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After attending a session at NCTE on reflective notebooks with Dr. Susan James and then doing some additional research on interactive writing notebooks over the holiday break, I decided to implement a hybrid version this semester with my War Eagle Studio writers.  I love the idea of using the right side of the notebook to present content and using the left side for students to reflect, write, and/problem solve based on the mini-lesson and content for that day.  I am hopeful this approach might help us use our writer’s notebooks in a more robust way that will give students some meaningful structure yet still have enough flexibility to stay true to a traditional writer’s notebook.

While browsing the wonderful Ethical ELA blog yesterday, I came across a post about visual thinking strategies by Dr. Sarah J. Donovan.  You read more about VTS here, but this page on VTS and a description of how a Fulton County teacher used VTS with her students in their writing notebooks, I just knew I had to give this strategy a try with my students.  I plan to use both photography and artworks as our discussion starters, but I felt starting with a current event photo would be the best choice for our kickoff effort with VTS in our interactive writing notebooks today.  I decided to use the photo from the “Dabbing in Congress” prompt from the New York Times library of picture prompts.

When students arrived today, I had made mini-versions of the photo with our prompt, “What do you see?  What do you notice?”  I reviewed instructions for gluing or taping the photo prompt into their interactive writing notebooks (this was our first entry!), and then projected the color photo onto the board with Google Slides.  I told students to look at the photo and write down everything they saw; students could list their noticings as a bulleted or numbered list.  I encouraged them to keep their pencils moving as much as they could and to keep digging for any detail they saw even if it didn’t seem significant.  After 5-6 minutes, we then stopped and every student shared at least one noticing/observation; I recorded these in a Google Document as I wanted to see patterns of observation.  I was astonished by the level of detail as well as students’ enthusiastic participation in the activity; even my 8th graders, who have been my most challenging group of learners this school year, were full of energy and excitement.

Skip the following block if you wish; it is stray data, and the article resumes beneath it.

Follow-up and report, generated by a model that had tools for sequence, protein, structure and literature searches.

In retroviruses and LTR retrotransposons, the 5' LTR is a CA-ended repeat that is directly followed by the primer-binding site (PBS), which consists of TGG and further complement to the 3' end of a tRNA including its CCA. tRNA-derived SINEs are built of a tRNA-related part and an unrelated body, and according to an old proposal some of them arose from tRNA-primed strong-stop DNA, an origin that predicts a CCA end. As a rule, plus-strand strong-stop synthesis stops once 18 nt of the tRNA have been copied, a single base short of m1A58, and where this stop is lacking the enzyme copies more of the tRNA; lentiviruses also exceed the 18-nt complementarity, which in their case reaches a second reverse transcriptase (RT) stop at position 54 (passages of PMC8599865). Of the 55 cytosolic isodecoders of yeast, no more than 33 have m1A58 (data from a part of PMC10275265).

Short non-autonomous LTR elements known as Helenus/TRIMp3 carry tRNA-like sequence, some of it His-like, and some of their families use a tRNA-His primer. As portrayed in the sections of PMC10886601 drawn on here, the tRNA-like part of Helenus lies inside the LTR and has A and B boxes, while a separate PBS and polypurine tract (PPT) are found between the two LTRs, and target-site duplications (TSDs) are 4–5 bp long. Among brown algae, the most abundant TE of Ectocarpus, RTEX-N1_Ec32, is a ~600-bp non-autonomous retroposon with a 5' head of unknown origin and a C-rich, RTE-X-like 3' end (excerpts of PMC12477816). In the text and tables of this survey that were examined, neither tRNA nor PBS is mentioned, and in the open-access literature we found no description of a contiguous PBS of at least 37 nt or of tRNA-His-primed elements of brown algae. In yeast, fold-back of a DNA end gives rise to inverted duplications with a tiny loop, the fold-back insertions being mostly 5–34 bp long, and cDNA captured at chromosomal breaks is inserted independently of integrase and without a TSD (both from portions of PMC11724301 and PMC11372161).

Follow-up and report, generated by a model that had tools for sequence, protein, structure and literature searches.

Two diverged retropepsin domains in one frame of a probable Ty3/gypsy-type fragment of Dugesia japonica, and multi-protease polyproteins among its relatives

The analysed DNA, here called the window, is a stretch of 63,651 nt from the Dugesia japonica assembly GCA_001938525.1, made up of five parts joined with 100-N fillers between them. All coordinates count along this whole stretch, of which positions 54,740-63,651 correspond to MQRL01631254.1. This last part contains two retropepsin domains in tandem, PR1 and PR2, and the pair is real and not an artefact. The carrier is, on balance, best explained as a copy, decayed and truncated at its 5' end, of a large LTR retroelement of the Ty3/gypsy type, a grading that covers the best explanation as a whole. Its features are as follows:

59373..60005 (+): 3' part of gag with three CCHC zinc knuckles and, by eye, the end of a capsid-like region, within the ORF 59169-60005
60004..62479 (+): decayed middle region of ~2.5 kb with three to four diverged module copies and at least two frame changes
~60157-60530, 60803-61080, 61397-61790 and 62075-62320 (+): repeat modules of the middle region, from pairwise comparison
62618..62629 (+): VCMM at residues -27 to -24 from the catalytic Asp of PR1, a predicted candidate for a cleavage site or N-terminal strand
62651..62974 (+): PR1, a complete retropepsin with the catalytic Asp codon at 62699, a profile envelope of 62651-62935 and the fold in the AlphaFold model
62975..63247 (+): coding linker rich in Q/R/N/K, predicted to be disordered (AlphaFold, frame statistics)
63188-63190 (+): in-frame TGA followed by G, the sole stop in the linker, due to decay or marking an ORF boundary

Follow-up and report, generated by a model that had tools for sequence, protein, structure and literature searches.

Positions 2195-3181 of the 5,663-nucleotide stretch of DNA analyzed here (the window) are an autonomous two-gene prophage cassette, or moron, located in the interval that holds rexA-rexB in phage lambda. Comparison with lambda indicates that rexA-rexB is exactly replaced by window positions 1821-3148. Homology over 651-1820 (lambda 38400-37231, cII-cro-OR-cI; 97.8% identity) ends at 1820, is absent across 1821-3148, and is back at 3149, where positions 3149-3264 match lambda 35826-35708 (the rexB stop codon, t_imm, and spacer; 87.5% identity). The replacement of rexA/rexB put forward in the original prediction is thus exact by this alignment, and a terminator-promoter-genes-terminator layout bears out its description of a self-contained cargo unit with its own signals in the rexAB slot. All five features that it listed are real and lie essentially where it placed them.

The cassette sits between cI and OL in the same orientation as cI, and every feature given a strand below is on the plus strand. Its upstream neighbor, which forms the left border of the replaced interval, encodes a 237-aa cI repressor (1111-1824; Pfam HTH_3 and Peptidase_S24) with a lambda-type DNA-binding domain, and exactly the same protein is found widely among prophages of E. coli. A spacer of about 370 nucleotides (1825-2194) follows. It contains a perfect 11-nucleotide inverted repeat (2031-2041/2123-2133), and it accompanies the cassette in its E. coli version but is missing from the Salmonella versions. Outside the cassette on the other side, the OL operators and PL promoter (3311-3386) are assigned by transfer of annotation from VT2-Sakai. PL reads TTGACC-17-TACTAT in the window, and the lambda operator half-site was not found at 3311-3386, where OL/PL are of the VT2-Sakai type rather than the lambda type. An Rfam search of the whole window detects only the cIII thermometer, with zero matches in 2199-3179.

During our first round of sharing, I used the protocol of VTS by asking each student to share:

  • What do you see?  What’s going on in this picture?
  • What do you see that makes you say that?

The “What makes you say that?” question was especially powerful in drawing out student responses and nudging them to further explain their answers or go back to the photo for “textual” evidence and details.  After the first round of sharing, I asked students to look at the photo more closely and to see if they could find at least two new noticings or things they didn’t see before.  This was a shorter time period of observing and brainstorming–roughly two minutes.  This piece of the activity comes from the third part of VTS facilitation, “What more can we find?”  I was beyond impressed by the breadth AND depth of noticings by students in every single grade level (6-8).

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We did one more share aloud with these noticings.  I then read them a short news story about the actual event and showed a short video clip.  We then pulled together the VTS activity with the actual facts of the event to talk about the teen’s actions, his father’s response, and why/when dabbing might be considered appropriate or inappropriate.   It was one of the best discussions we’ve had this entire school year!

Finally, I then presented students two choices for writing and responding to our activity:

Option 1:

Write an opinion paragraph. State whether or not you think it was appropriate for the teenage son, Cal Marshall, to dab at his father’s Congressional swearing in ceremony. Support your opinion with at least two reasons and explain your ideas.